Alcohol and the Stomach


If you’ve ever suffered from a hangover you’ll be aware that alcohol can really upset the stomach. The day after a night of heavy drinking the stomach often feels queasy and nauseous. Too much alcohol also often makes people vomit.

Alcohol irritates the digestive system and even small amounts increase the amount of acid produced by the stomach. This can inflame the stomach’s lining and cause pain, vomiting, diarrhoea and internal bleeding.

Drinking more than 14 units a week for women or 21 for men increases the risk of doing longer-term and possibly irreparable damage to the stomach lining. Furthermore, experts also suggest that alcohol can increase the risks of developing stomach cancer and other types of cancer. Heavy drinkers are also at risk of peptic ulcers. These are a hole in the stomach lining and are very painful.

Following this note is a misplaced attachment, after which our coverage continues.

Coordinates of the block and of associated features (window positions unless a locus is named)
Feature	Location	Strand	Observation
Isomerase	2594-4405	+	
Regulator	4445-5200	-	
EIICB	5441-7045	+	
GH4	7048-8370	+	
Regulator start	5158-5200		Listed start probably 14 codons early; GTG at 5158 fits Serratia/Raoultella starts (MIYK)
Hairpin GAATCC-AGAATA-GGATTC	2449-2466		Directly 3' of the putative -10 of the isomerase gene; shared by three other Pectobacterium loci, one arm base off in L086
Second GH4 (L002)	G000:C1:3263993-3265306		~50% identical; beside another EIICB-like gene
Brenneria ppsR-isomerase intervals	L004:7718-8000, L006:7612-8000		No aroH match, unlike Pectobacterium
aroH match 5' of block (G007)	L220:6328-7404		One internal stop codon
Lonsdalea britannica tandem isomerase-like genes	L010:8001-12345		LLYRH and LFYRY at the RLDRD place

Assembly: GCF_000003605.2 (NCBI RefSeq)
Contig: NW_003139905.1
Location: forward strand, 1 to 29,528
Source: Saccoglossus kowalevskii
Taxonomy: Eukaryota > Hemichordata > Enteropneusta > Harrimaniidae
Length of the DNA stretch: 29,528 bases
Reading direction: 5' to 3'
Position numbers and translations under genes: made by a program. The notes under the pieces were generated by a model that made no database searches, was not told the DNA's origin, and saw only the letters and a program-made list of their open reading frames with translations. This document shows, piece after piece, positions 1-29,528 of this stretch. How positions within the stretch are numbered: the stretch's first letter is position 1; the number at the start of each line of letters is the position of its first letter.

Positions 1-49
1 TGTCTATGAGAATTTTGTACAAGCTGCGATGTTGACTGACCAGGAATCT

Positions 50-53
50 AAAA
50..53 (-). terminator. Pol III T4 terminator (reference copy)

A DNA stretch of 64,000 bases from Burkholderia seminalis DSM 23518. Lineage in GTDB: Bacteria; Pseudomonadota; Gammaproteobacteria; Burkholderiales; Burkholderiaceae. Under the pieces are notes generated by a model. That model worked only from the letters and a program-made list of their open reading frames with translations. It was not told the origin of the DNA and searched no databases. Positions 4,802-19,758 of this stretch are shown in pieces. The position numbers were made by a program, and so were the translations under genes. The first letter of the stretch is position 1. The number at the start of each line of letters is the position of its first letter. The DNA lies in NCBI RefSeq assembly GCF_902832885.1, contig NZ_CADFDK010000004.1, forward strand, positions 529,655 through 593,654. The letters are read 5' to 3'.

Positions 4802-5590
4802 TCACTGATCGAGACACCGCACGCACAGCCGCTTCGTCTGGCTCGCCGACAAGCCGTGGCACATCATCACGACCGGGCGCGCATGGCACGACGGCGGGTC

Excessive drinking can affect the body’s ability to absorb vitamins and nutrients from food that are essential for wellbeing. Digestive conditions such as IBS can be aggravated by alcohol.

To avoid damaging your stomach with alcohol you should aim to stay below the recommended maximum unit limits outlined by the Government. Don’t mix drinks or drink quickly on an empty stomach. Alternate soft drinks with alcoholic ones and try to have a few alcohol-free days every week.

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